2) Recognize that most Windows users are not interested in changing OSes, for whatever reason, even if someone were to take the time to explain the alternatives to them.
3) Recognize that those Windows users include people who are important to them for some reason or another (relatives, neighbors, financial institutions, government offices)
4) Recognize that the harm being inflicted on these Windows users by Microsoft's irresponsible patching behavior is something they have the power to mitigate.
5) Recognize that mitigating the harm to Windows users will indirectly help them (less spam in their mailbox, fewer zombies filling up their web server logs with IIS attacks)

Getting a personal thank-you note from Microsoft isn't even on the list. Not that it wouldn't be nice, though ;)

Re:Why oh why? (1)

Plutonite (999141) | more than 7 years ago | (#16267859)

But by "helping" these adamant users they are also helping MS stay popular. Why give charity to the world's biggest software corporation?

A lot of people have the power to mitigate MS problems, but that doesn't mean we should spend our free time helping a company that already makes far more money than it deserves, just because it is popular. If the users want to stick with it, let them.

There are some situations where charity doesn't apply.

Re:Why oh why? (0)

Anonymous Coward | more than 7 years ago | (#16268269)

I guess they look at the situation from a completely different perspective than you. They see users in need. You see a horrible company that makes more money than it deserves. Both are correct but limited observations.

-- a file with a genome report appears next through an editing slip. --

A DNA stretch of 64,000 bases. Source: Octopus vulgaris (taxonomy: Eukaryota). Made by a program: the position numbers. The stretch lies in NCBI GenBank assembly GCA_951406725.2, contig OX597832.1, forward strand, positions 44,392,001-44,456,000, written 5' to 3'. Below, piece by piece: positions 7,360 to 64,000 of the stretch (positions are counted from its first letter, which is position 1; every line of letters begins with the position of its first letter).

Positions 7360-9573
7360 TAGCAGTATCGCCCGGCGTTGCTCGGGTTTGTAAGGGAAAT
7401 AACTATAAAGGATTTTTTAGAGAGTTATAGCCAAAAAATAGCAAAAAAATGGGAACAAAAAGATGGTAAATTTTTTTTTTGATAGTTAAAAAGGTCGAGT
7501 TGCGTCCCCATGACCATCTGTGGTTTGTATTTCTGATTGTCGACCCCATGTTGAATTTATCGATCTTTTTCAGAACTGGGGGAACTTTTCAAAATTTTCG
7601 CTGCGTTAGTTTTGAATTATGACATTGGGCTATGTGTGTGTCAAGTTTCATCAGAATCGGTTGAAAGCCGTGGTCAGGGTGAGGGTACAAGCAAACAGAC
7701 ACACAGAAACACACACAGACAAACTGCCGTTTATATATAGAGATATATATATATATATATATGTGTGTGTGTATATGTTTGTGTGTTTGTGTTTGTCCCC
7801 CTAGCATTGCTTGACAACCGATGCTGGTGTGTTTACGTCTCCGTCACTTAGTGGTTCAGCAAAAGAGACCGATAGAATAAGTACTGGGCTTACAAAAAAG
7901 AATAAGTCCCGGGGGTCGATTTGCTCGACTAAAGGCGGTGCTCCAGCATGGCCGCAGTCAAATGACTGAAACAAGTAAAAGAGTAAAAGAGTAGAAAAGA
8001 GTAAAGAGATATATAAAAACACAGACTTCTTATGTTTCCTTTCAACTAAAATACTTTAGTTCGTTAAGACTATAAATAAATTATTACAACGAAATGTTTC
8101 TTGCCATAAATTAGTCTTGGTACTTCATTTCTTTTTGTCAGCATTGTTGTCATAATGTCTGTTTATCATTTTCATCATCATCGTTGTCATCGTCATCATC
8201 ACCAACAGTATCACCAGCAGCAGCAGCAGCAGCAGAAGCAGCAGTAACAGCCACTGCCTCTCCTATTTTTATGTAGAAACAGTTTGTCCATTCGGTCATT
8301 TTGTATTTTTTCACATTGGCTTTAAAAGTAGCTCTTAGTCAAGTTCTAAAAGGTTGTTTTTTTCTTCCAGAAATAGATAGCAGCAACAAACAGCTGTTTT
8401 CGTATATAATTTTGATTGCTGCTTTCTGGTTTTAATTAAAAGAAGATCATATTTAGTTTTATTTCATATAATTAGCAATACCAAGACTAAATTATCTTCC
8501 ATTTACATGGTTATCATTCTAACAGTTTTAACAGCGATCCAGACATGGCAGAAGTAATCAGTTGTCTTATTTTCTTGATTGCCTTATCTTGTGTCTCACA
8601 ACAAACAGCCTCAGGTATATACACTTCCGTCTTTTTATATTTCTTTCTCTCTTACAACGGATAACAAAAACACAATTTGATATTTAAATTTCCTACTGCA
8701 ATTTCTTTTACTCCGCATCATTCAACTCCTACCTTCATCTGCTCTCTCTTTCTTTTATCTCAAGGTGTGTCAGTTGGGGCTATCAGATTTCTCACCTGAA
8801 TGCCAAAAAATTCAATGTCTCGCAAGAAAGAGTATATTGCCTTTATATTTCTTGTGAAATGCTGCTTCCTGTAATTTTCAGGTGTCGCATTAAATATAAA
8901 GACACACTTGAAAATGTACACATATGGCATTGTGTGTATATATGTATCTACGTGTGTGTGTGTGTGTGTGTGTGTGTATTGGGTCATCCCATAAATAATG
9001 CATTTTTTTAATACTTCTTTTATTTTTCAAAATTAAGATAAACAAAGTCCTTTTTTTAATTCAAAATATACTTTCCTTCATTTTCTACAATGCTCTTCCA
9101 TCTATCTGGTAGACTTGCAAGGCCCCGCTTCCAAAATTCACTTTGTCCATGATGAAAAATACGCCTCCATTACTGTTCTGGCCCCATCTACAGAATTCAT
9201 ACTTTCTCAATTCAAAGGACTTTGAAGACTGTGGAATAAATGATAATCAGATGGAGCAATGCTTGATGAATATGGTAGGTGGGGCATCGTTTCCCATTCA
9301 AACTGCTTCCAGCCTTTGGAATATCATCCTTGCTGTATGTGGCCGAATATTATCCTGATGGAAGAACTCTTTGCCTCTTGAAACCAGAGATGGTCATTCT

Because car metaphors are always popular, here's an example:

Alice and Bob, both expert auto mechanics, are driving down the same highway in their late-model Lexuses. They see Charlie standing on the side of the road next to his broken-down Hyundai with the hood up. Alice thinks: "That poor bastard bought a Hyundai! Well, I guess he won't be doing that again!" and zooms past. Bob thinks: "I'll stop and give the guy some help." So he does.

Alice might be right. If nobody helps Charlie, then Charlie will have a truly miserable time, and may think twice before buying another Hyundai. Then again, he may just think "all cars break down" and keep buying them. But the truth is she'll never know.

Bob might be right. Charlie may think that because he has to rely on the kindness of strangers to keep his car running, maybe he should buy a better car. Then again, maybe he'll just be happy he got a free repair and he'll keep buying Hyundais. But the truth is Bob will never know.

In both scenarios, Charlie may or may not keep buying Hyundais. There's really no way to tell for sure. Also, neither Alice nor Bob honestly think their actions assist the Hyundai Corporation in any material way.

It's a variant on the classic food aid ethical dilemma. If a nation is chronically unable to feed its population, do you give them your extra food or not? Alice would say that they'll never change their agricultural practices if they don't have a good famine to show them something's wrong--and furthermore, dumping a ton of free food into the market will drive any remaining food producers out of business. Bob would think: "We have extra food; they have starving people. It's not that hard to figure out what needs to be done".